This article briefly considers first the positive foundations of the doctrine and then its theological formulation.
Positive Foundations. By the term circumincession theology understands the mutual immanence and penetration of the three divine persons. Circuminsessio (circum-in-sedere: to sit around) stresses rather the passive, somewhat static aspect of the doctrine, whereas circumincessio (circum-incedere: to go, to move around) looks at it from the dynamic angle of movement. The earliest usage was of a corresponding Greek word, περιχώρησις, by St. Gregory of Nazianzus (middle of fourth century), not in a Trinitarian but in a Christological context, to signify the mutual immanence of the two natures in Christ (Epist. 101; Patrologia Graeca, 37:182; see perichoresis; christological). In its present Trinitarian meaning it was first used by St. John Damascene in the eighth century (De fide orth. 1.8; Patrologia Graeca, 94:829). However, the doctrine itself has deep roots in Scripture: "… believe in the works, that you may know and believe that the Father is in me and I in the Father" (John 10.38; 14.11; 17.21). These three Johannine texts have traditionally been understood by Catholic (J. Knabenbauer, A. Wikenhauser, J. Leal) and Protestant (C. Barret, W. Hendriksen) exegetes in the sense of a mutual divine immanence between Father and Son. Explicit scriptural basis for the mutual penetration of the Holy Spirit and the other two Persons is lacking (1 Corinthians2.10, often quoted, is inconclusive).
Formulation. St. Thomas (Summa Theologiae 1a, 42.5) admirably synthesizing the two conceptions, Latin and Greek, explains circumincession by the unicity of the divine nature (Latin) as well as by the very origin of the Persons (Greek).
The divine nature, numerically one, is conceived by Latin theology as the common ground (in its theory with a certain unavoidable logical priority over the Persons) where Father, Son and Holy Spirit meet. The common bond of the only divine essence, which is equally possessed by all three, necessarily links all three. Besides this unity of nature, there is a perfect fusion of personal rational activities: the three Persons cannot but think, decide and act together, with all these divine acts flowing down the very same channel of the divine nature.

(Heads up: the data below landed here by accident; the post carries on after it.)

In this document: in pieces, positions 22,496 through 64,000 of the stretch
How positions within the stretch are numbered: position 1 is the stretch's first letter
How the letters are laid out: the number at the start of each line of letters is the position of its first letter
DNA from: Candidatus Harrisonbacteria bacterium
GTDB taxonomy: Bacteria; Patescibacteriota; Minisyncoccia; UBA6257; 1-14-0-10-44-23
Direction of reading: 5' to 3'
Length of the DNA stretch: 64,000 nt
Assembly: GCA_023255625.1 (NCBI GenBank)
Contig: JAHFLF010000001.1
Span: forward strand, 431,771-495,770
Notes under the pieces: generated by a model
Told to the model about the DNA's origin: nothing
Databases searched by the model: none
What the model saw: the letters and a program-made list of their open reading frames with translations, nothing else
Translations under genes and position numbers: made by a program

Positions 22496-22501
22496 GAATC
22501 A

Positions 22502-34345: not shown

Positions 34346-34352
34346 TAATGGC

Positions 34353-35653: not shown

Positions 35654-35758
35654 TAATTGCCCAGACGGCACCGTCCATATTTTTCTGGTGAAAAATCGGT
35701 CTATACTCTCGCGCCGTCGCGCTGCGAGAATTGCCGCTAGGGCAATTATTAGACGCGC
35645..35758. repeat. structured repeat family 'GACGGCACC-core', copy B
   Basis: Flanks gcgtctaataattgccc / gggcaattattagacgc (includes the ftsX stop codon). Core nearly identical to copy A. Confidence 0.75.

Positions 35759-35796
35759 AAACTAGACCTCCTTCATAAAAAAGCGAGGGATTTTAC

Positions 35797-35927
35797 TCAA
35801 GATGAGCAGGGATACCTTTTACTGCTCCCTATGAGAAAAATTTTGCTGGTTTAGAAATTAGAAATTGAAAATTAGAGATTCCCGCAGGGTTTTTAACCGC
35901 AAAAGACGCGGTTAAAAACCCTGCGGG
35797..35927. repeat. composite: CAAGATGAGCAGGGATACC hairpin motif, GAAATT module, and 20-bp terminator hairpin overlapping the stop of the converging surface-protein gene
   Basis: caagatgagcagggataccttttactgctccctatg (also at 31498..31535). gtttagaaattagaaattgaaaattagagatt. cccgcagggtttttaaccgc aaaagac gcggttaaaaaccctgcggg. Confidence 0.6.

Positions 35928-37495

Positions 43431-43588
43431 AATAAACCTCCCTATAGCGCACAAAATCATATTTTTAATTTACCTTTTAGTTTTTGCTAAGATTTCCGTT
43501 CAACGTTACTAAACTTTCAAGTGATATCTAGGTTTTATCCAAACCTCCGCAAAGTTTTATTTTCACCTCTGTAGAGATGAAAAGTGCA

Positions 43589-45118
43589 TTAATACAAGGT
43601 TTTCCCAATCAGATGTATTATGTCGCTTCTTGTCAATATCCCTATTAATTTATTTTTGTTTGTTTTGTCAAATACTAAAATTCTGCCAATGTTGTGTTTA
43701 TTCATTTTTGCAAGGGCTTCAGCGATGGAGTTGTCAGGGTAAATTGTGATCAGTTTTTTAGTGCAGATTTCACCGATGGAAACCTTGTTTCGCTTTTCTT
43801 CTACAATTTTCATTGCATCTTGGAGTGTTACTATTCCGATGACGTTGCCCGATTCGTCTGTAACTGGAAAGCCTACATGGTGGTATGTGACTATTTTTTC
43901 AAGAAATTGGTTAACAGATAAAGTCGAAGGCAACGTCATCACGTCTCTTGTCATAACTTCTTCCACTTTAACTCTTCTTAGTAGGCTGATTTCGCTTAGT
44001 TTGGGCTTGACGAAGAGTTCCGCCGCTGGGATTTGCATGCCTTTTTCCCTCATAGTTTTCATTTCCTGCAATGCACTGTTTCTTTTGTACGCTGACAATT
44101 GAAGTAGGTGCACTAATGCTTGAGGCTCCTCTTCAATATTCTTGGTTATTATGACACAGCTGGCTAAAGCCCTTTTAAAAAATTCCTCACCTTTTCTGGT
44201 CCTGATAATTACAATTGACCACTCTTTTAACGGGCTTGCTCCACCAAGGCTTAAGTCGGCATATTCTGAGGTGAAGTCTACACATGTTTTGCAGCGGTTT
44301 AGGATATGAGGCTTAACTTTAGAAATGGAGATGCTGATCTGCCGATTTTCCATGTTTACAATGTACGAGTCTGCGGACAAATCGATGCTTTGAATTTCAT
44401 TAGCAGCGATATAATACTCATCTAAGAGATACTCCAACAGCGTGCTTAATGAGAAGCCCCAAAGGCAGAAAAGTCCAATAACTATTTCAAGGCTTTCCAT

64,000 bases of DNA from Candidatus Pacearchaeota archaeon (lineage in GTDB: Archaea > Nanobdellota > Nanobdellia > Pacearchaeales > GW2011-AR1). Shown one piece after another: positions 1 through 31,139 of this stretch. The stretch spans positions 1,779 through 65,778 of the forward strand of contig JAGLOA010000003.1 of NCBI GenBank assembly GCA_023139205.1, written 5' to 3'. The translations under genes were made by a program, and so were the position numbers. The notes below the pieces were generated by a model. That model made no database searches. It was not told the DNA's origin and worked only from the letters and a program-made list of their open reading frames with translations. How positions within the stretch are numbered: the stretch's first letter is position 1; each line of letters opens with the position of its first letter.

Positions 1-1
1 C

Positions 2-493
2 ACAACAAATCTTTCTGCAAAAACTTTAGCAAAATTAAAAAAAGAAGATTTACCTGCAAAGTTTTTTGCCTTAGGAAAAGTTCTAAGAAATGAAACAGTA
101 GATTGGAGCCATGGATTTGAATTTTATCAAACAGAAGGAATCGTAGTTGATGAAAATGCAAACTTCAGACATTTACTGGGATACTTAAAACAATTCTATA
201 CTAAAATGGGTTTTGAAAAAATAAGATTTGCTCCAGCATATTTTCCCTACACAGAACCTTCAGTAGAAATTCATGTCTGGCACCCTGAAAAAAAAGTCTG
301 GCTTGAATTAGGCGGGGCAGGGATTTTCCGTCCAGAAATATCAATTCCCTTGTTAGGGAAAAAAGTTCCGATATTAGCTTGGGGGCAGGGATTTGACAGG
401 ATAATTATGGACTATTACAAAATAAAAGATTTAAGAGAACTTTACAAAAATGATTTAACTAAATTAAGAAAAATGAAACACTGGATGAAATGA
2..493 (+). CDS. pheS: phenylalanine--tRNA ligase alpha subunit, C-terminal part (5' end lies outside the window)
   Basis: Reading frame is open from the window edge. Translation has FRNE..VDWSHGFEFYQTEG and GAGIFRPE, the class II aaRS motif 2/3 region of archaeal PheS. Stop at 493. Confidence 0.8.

The Greek background is different: less static, more vital and dynamic. For a Greek the primary datum is not nature but Person, throbbing with life, communicable life. Each Divine Person is irresistibly drawn, by the very constitution of His being, to the other two. Branded in the very depths of each one of them is a necessary outward impulse, a centrifugal force, urging Him to give Himself fully to the other two, to pour Himself out into the divine receptacle of the other two. It is a "reciprocal irruption" (Cyril of Alex., In Jo. 1.5; Patrologia Graeca, 73:81), or unceasing circulation of life. Thus, each Person being necessarily in the other two, unity is achieved not so much on account of the unicity of a single passive nature but rather because of this irresistible impulse in each Person, which mightily draws them to one another.
One has here two different explanations, substantially identical, yet rich and colorful in their variety, of the same divine circumincession. Probably the best formulation of this mysterious reality is that given in the West by the 11th Council of Toledo (675), which, with an unmistakable oriental ring, teaches that the mutual relations, binding the Persons and referring them to one another, are the deepest root of the doctrine (H. Denzinger, Enchiridion Symbolorum 532). In the beatific vision "it will be granted to the eyes of the human mind, strengthened by the light of glory, to contemplate the Father, the Son, and the Holy Spirit in an utterly ineffable manner, to assist throughout eternity at the processions of the Divine Persons, and to rejoice with a happiness like to that with which the holy and undivided Trinity is happy" ("Mystici Corporis Christi," Acta Apostolicae Sedis 80).
See Also: trinity, holy, articles on; nature; person (in theology); processions, trinitarian; relations, trinitarian.
Bibliography: a. chollet, Dictionnaire de théologie catholique, ed. a. vacant et al., 15 v. (Paris 1903–50) 2.2:2527–32. m. schmaus, Lexikon für Theologie und Kirche, eds., j. hofer and k. rahner, 10 v. (2d, new ed. Freiburg 1957–65) 8:274–276. t. de rÉgnon, Études de théologie positive sur la Sainte Trinité, 4 v. (Paris 1892–98). a. deneffe, "Perichoresis, circumincessio, circuminsessio," Zeitschrift für katholische Theologie, 47 (1923) 497–532. l. prestige, περιχωρέω and περιχώρησις in the Fathers," Journal of Theological Studies, 29 (1928) 242–252. Patrologia Graeca, ed., j. p. migne, 161 v. (Paris 1857–66). pius xii, "Mystici Corporis Christi," Acta Apostolicae Sedis 35 (1943) 193–248.
[a. m. bermejo]